Exceptions to Foreign Trusts: Business Trusts

As I mentioned in an earlier article, U.S. tax law includes a number of important exceptions to legal definition of a foreign trust – i.e. an entity can be classified as a foreign trust for legal purposes and not as a trust (but as a corporation or a partnership) for U.S. tax purposes. This is also true with respect to domestic trusts, but, in international context, the issues are far more complicated and require detailed exploration of facts and, often, local laws. In this article, I would like to discuss one of the most common exceptions to foreign trusts – business trusts.

Business Trusts Taxed as Corporations or Partnerships

Where an entity is organized as a trust but engages in the active conduct of trade or business, the IRS may re-classify this trust as a “business trust” and tax it as a corporation or partnership. The most relevant primary law on this point can be found in IRS Regs. §301.7701-4(b):

There are other arrangements which are known as trusts because the legal title to property is conveyed to trustees for the benefit of beneficiaries, but which are not classified as trusts for purposes of the Internal Revenue Code because they are not simply arrangements to protect or conserve the property for the beneficiaries. These trusts, which are often known as business or commercial trusts, generally are created by the beneficiaries simply as a device to carry on a profit-making business which normally would have been carried on through business organizations that are classified as corporations or partnerships under the Internal Revenue Code. However, the fact that the corpus of the trust is not supplied by the beneficiaries is not sufficient reason in itself for classifying the arrangement as an ordinary trust rather than as an association or partnership. The fact that any organization is technically cast in the trust form, by conveying title to property to trustees for the benefit of persons designated as beneficiaries, will not change the real character of the organization if the organization is more properly classified as a business entity under § 301.7701-2.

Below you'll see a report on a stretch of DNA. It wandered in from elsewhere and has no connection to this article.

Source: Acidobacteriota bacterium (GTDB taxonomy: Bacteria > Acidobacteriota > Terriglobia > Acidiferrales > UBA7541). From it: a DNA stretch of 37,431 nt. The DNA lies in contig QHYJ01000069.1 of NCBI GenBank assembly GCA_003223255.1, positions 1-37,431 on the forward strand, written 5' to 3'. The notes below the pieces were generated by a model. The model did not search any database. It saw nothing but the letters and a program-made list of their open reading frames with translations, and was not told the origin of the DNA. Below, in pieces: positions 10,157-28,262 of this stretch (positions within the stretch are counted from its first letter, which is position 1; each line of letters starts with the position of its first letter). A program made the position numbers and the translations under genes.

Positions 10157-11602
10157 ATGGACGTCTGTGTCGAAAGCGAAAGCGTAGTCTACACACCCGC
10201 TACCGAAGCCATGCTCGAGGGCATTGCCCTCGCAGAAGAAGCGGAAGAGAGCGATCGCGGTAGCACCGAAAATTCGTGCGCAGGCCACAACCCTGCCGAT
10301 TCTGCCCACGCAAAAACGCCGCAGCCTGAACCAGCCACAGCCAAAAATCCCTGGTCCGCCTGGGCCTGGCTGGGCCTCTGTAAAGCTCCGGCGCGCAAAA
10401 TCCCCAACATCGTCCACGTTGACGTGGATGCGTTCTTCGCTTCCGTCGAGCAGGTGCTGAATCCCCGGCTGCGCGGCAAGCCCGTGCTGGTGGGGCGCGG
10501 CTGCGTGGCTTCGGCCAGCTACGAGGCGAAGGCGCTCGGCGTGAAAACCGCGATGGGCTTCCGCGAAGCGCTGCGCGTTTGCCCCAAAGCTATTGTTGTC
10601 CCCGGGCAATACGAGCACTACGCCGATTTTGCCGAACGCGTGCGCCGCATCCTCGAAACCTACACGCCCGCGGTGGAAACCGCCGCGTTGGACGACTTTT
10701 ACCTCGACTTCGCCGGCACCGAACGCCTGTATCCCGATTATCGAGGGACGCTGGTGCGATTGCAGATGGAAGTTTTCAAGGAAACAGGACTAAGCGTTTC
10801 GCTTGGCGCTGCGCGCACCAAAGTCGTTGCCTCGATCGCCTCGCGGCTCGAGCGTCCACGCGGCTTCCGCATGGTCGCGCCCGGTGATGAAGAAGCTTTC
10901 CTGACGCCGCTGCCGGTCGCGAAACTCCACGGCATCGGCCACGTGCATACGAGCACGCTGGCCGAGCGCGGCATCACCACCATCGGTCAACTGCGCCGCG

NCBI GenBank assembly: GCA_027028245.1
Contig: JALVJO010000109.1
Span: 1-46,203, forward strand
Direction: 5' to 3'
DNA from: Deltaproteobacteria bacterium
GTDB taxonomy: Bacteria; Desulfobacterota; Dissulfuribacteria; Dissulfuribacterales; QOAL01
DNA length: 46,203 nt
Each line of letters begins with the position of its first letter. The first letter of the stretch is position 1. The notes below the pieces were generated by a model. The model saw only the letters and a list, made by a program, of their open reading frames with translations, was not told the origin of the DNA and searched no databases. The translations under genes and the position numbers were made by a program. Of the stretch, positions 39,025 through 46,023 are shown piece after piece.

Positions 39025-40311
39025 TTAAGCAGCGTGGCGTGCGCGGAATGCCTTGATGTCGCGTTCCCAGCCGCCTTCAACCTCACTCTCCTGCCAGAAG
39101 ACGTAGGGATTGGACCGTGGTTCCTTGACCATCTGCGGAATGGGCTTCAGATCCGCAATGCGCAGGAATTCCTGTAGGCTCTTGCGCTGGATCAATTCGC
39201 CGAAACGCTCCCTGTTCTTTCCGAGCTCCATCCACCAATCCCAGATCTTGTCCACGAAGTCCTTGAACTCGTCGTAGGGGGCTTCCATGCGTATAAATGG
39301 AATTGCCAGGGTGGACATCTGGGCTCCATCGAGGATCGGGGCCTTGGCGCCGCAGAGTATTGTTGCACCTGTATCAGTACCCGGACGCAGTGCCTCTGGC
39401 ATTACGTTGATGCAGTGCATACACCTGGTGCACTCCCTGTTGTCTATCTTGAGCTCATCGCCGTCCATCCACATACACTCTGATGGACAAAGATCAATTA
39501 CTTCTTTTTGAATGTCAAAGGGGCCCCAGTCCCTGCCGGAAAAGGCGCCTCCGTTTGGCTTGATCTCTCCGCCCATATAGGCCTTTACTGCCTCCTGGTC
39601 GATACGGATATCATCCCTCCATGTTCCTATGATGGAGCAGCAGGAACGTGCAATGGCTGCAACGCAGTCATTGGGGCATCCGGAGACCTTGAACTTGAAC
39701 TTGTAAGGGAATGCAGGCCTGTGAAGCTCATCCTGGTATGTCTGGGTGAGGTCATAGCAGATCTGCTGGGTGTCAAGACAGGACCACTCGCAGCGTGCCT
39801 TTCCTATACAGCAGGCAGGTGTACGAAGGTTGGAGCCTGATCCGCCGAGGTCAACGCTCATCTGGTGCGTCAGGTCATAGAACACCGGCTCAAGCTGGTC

Let’s explore these regulations in more depth in order to have a clear idea of the general test for business trusts.

Most Important Features of Business Trusts for Federal Income Tax Purposes

There are two most important factors in determining whether a trust is a business trust. The first and most important distinction between ordinary trusts and business trusts is the conduct of a “profit-making business” which “normally” would have been done by a business entity. It is important to understand that it is not simply the ownership of business assets which re-classifies ordinary trusts in business trusts; rather, while ordinary trusts must be created for the purpose of conservation and preservation of assets for beneficiaries, business trusts should be created for the purpose of the profit-making activities.

How does one determine the purpose for which a trust is created? There are various factors, including the history of the trust. The trust agreement (the document that creates the trust), however, is the key document on which the IRS will focus.

The second important feature of business trusts concerns domestic and foreign trusts which have associates to conduct an active trade or business for their benefit. In such cases, the trusts will be reclassified as business trusts and taxed as corporations or partnerships.